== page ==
Fort Smith police chief admits that department has too few minorities, says problem is a national issue

by Michael Tilley (mtilley@talkbusiness.net) 256 views 

Fort Smith Police Chief Kevin Lindsey readily admits that the city’s police force does not have enough minorities, especially African American officers. He says the department actively works to diversify the force, and that outside factors limit the number of qualified applicants.

Lindsey’s comments Tuesday (Dec. 1) to Talk Business & Politics followed a discrimination/retaliation lawsuit filed Monday against the Fort Smith Police Department (FSPD) and that noted the department has not promoted a black officer since 1988 and has not hired a black officer since 1995.

The lawsuit was filed by Little Rock attorney Matthew Campbell on behalf of his client, Wendall Sampson Jr., in the U.S. District Court of Western Arkansas. Sampson is African American, and the lawsuit alleges discrimination in employment and promotion. According to the complaint, Sampson was hired by the department on Sept. 25, 1995, and is only the 10th black officer hired by the department in its history.

‘FALLING FAR SHORT’
Lindsey said the department has 164 sworn officers, with only one being African American – and that is Sampson. The percentage is 0.6%, which is far below the city’s 9% black population according to the U.S. Census. Lindsey said the department should have a percentage much closer to the 9%.

“They teach you in chief 101 class that (your department) should reflect the makeup of your community,” said Lindsey, who was hired as police chief in January 2007. “There is no doubt that we are way under that, but it’s not because we haven’t been trying. … I think we are doing a good job in the Asian and Latino population, … but falling far short on the African American side.”

He said the department has and continues to “look for other strategies” to recruit more African American applicants. He said strategies include working with the University of Arkansas at Fort Smith and other universities, connecting with colleges, churches and institutions that “cater to African American populations,” and attending recruitment events out of the area. Lindsey said he also has joined the National Association for the Advancement of Colored People to “bridge the communication gap” between minorities and the department.

When asked if the large percentage of white officers on the force might discourage minority applicants, Lindsey said that is a possibility.

“I think that might be a part of it. I haven’t had the opportunity to talk to African American candidates who were in that position, … but I would not be surprised if that were the case,” Lindsey said.

NATIONWIDE PROBLEM
He also said African American candidates with the skills needed by the department are often able to land higher-paying jobs elsewhere. He also said the department’s primary recruitment area around Sebastian County limits the pool of qualified minority applicants. But he also stressed that Fort Smith’s problem is a part of a bigger issue.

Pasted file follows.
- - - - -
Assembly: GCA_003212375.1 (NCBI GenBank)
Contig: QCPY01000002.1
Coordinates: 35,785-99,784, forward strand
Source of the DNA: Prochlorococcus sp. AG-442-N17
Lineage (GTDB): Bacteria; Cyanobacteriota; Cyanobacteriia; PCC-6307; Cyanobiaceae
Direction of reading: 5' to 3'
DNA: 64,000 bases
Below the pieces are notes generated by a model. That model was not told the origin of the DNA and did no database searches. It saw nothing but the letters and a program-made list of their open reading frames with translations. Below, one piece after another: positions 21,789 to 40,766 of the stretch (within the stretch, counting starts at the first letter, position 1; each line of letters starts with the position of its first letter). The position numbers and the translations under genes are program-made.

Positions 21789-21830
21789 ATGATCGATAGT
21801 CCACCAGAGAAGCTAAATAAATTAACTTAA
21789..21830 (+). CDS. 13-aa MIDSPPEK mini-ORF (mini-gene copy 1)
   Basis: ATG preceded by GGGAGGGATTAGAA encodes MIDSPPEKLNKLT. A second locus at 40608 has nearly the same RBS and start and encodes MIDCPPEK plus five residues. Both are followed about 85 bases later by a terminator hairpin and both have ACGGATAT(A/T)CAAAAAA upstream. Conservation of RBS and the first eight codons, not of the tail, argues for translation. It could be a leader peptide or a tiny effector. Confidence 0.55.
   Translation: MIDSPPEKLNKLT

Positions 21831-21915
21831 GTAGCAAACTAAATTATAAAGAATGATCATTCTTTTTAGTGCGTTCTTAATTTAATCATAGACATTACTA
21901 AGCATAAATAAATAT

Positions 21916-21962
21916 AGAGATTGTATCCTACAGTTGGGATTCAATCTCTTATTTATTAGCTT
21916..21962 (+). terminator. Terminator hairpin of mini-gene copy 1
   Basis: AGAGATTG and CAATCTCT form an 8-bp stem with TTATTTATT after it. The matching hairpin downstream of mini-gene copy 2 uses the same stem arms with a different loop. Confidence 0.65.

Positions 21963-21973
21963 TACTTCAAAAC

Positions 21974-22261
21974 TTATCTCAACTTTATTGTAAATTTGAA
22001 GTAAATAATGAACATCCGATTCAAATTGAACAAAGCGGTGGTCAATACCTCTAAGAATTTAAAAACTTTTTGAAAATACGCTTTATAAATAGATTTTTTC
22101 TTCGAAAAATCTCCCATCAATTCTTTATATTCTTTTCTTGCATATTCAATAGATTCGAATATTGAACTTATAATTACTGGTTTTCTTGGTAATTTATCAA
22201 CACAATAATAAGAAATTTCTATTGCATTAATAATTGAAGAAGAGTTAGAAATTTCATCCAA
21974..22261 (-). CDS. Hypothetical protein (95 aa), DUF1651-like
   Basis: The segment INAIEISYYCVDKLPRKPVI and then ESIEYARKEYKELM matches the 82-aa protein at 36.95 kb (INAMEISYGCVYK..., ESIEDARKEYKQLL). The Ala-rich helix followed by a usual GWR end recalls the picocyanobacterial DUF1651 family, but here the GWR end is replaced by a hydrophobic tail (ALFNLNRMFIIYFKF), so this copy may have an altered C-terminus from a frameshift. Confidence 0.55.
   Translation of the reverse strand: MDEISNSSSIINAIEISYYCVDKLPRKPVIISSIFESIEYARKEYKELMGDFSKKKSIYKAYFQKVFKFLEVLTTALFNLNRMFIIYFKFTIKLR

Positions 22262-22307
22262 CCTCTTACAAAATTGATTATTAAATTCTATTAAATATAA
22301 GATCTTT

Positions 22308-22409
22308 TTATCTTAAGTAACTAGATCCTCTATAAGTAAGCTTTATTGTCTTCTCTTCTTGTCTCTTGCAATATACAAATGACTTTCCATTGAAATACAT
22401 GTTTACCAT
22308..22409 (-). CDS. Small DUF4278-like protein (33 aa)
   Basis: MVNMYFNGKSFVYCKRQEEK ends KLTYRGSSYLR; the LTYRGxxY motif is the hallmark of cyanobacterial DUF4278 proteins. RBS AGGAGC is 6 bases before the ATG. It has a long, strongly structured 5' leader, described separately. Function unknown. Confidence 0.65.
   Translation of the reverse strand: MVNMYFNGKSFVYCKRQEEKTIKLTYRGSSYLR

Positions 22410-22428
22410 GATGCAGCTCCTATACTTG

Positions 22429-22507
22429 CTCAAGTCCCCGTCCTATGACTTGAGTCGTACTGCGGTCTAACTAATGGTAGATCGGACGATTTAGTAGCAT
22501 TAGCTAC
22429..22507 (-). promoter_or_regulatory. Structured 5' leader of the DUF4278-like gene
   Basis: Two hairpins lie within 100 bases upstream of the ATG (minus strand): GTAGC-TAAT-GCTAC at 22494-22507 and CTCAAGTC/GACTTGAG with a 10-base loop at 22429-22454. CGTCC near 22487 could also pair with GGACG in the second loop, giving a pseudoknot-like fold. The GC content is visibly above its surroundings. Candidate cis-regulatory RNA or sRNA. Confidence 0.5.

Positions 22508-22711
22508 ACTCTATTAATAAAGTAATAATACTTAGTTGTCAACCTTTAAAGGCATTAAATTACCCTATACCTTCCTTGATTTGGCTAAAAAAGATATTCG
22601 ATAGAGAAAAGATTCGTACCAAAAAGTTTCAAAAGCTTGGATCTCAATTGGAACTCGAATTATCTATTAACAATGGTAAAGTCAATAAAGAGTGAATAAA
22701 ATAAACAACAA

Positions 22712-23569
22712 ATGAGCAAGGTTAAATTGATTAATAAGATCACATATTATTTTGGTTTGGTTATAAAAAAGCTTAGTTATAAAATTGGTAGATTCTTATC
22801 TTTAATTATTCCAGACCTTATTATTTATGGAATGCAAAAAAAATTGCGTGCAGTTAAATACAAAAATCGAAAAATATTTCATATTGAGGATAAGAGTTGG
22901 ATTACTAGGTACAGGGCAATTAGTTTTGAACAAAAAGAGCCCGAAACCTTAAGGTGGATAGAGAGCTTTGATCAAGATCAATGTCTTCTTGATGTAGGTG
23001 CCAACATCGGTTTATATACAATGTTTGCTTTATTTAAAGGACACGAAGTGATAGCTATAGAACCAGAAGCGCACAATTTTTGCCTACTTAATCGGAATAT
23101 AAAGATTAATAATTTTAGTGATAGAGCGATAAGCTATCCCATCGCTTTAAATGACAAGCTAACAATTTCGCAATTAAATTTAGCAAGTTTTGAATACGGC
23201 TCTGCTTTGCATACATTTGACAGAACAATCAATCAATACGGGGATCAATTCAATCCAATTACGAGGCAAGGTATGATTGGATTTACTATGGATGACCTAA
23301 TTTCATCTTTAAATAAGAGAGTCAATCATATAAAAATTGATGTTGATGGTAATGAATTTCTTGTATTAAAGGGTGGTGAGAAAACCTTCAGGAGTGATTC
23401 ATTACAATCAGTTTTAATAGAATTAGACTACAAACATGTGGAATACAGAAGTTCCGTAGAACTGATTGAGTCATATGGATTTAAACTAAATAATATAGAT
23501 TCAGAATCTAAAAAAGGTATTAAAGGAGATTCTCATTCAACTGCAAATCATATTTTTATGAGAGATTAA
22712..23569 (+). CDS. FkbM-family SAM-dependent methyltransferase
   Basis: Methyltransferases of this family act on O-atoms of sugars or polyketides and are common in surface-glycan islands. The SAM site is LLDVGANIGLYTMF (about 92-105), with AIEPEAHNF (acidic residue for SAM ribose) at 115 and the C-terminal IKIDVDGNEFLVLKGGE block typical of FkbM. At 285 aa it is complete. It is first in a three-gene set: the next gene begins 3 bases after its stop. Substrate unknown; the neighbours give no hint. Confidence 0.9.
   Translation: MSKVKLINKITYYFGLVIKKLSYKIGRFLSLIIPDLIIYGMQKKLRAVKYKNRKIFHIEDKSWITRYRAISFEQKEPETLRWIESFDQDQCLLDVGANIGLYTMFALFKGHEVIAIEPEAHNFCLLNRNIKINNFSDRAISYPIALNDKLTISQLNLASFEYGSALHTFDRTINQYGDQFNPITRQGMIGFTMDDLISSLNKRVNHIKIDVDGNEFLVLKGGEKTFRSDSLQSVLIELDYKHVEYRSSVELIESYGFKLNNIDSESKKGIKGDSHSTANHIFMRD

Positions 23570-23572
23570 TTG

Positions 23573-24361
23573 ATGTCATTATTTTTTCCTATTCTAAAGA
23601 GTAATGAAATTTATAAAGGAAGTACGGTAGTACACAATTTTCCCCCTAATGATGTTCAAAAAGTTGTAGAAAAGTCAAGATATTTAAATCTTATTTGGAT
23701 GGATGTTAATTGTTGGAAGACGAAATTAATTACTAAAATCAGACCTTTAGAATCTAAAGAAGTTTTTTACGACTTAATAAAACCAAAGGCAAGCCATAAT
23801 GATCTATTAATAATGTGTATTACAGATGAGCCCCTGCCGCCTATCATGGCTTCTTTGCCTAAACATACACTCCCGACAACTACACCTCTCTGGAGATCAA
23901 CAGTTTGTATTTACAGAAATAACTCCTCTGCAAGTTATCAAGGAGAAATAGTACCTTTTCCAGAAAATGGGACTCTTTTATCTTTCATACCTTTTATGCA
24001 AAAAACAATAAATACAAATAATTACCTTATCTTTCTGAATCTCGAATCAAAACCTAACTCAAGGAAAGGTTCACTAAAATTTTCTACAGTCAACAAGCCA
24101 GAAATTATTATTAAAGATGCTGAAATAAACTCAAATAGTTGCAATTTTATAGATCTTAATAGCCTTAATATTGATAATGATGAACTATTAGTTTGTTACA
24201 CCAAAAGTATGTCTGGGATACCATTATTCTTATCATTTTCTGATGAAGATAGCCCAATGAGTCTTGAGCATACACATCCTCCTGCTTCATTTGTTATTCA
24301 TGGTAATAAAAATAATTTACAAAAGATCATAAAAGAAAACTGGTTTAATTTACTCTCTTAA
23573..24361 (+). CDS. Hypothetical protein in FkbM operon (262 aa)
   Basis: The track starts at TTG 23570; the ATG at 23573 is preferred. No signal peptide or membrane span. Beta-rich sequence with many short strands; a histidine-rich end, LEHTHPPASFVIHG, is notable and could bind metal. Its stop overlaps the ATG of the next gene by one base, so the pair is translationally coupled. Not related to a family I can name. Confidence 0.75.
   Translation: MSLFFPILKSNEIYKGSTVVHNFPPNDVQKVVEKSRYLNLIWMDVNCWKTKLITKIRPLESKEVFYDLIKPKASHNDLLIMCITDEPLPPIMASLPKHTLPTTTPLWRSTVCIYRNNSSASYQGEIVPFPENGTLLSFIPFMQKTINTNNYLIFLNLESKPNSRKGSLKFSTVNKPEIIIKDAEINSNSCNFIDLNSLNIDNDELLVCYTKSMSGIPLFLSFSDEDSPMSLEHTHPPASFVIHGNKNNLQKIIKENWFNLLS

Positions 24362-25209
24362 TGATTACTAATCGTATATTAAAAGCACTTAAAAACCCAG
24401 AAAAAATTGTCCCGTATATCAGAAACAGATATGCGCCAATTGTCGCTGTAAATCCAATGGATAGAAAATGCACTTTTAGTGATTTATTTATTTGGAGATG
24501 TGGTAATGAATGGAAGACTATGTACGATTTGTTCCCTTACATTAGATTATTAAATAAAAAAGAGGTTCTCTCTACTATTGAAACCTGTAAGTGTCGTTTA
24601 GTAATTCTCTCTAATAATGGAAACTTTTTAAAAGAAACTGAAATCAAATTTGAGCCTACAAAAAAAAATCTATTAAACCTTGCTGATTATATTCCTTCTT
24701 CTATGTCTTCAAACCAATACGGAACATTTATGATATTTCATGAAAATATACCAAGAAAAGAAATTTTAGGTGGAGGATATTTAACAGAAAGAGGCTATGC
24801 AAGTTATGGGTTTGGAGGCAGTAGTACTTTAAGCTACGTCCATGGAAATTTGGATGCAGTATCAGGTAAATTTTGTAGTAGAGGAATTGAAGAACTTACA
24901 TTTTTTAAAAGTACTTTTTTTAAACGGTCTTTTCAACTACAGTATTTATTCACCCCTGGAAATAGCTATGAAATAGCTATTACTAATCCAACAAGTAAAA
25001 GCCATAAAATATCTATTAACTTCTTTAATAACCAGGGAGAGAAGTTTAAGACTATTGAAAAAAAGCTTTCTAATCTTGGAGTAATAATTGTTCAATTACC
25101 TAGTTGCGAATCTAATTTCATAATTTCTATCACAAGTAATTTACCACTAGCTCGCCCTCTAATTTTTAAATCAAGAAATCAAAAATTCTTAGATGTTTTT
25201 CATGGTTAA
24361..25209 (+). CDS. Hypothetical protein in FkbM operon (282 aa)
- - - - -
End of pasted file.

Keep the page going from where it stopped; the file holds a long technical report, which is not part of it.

“Fort Smith is not unique in seeking out African American officers. There are departments all over the United States that are having the same problem,” Lindsey said.

Most research confirms that assertion.

“Despite efforts to increase diversity, racial/ethnic minority and female representation in many law enforcement agencies still falls short of labor population benchmarks, resulting in agencies that do not reflect the demographics of their communities,” noted a 2012 study by the Rand Center on Quality Policing.

The report said a lack of minorities is usually the result of the “target population” being “disproportionately unaware, unqualified, or uninterested.”

“Lack of awareness suggests a deficiency in outreach actions and events; that is, there is not enough recruitment in areas where demographics suggest that qualified female and racial/ethnic minority candidates could be found. Lack of interest and failure to qualify are more complicated issues, but both imply a qualitative outreach deficiency rather than a lack of recruitment effort,” according to the Rand report.

A September 2015 report by Governing suggests that efforts to diversify police departments have not kept pace with the country’s changing demographic. The report said total minority numbers on police forces are now fewer than two decades ago.

“In 35 of the 85 jurisdictions where either blacks, Asians or Hispanics make up the single largest racial or ethnic group, their individual presence in police departments was less than half their share of the population. Asians were most underrepresented, averaging 33 percentage points below Census population estimates in the seven jurisdictions where they accounted for the single largest demographic,” the report found.

MISSED OPPORTUNITIES?
However, Campbell asserted in the lawsuit that the FSPD has not hired African American candidates who were qualified.

“In over twenty years since Plaintiff was hired, the FSPD has not hired another African-American  officer, despite multiple African-American candidates’ applying and meeting the necessary qualifications for being hired,” Campbell noted in the suit.

In a follow up interview, Campbell said he knows of “at least two recent applicants who passed the objective portions of the application process, but somehow failed other, subjective portions.”

Lindsey declined to comment on any language in the lawsuit or comments from Campbell.

“I have no response regarding any of the litigation,” Lindsey said.

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